Organic acids in Kombucha – an underappreciated force!
In most of the articles on this site I wrote about the active ingredients in Kombucha. However, I won’t get tired of reminding you how many useful substances you take with just one glass of this precious fluid: lactic and acetic bacteria, yeast, enzymes, organic acids, amino acids, lipids, vitamins, minerals and polyphenols.
Here, as well as in most articles on the internet, you can read about how useful Kombucha is – mostly because of the naturally occurring living bacteria, yeast and enzymes. And so it is. But there is one group of active ingredients that seems to stay a little out of the spotlight. They work silently, while applause remains for the living ingredients of the drink.
In this article, I want to tell you a little more about organic acids, their symbiosis with polyphenols, and the proven health claims of this tandem.
Organic acids found in Kombucha are numerous
but the most interesting for our body are: gluconic, glucuronic, acetic and malic acid.
There are numerous in vivo and in vitro studies on this topic, according to which the health claims of Kombucha are mainly due to these organic acids and to their combination with polyphenols, which have a highly synergistic effect.
In vivo and in vitro animal studies have shown positive results from the use of Kombucha. Improvement in the condition is observed mainly with antimicrobial activity, liver function, gastrointestinal function, stimulation of the immune system. Kombucha proves its antioxidant effect and its anticancer properties. Consumption of Kombucha gives excellent results in controlling cardiovascular and central nervous system disorders. It may sound incredible to you, but these are facts from scientific studies!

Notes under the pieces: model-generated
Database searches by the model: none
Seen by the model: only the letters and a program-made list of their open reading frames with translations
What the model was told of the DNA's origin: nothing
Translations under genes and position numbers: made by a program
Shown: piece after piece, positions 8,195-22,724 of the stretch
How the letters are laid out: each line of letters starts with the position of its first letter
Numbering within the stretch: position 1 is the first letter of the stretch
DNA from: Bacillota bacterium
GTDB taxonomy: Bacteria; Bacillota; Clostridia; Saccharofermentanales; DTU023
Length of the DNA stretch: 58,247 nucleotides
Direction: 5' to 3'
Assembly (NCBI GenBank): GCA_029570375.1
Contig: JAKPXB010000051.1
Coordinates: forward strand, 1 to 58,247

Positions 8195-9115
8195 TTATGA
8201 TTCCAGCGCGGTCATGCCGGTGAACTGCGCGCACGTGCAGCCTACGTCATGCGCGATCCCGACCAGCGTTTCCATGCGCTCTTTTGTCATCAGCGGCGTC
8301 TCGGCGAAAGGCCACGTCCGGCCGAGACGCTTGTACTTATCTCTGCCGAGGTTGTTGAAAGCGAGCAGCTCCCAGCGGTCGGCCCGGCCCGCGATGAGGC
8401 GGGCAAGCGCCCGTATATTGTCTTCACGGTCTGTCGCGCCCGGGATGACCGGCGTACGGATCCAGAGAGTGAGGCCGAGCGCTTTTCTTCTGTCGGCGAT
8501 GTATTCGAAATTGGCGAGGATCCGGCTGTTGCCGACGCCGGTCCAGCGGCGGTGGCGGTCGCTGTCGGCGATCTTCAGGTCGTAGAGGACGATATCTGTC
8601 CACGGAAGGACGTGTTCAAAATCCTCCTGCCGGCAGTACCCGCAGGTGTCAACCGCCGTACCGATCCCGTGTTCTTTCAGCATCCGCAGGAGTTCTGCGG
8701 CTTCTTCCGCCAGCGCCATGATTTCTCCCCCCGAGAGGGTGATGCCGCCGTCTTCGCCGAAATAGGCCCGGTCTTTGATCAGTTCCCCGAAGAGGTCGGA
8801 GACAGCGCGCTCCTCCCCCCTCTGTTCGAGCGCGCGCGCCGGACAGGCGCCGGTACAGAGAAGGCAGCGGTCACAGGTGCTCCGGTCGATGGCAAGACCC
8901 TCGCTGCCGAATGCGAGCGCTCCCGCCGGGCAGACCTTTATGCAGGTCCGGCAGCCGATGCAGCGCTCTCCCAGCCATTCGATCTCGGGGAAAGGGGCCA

An in vivo study on humans aimed to demonstrate the benefits of Kombucha when needed to protect the liver against free radical formation. Improved liver parameters were observed. Patients in the group received 50 ml of Kombucha for a period of 21 days.
In another study of 24 people aged 45-55 with diabetes, patients were given 60 ml of Kombucha for 90 days. Blood glucose levels are normalized in all study participants.
In the cited studies and, of course, in many others, it is proven that a major contribution to the improvement of the examined indicators, and the health status of patients has the organic acids and polyphenols contained in Kombucha.
They play a huge role in many physiological processes and are critically important for the proper functioning of the liver, bile and heart.
Therefore, when you make Kombucha at home, allow it to ferment for as long as possible, so that it can process as much sugar as possible and be maximally beneficial to your health.
Of course, the drink will be quite sour, but it gets used to it. However, if you cannot swallow this elixir with a too sour taste, then it is possible to obtain a Kombucha concentrate. One dose has nearly 100 times the acid content, and according to some studies they are the main contributor to the health benefits of Kombucha.
Tell me how you prefer your Kombucha: more acidic or sweeter, and if more acidic, how do you sweeten it to make it palatable and enjoyable for your guests?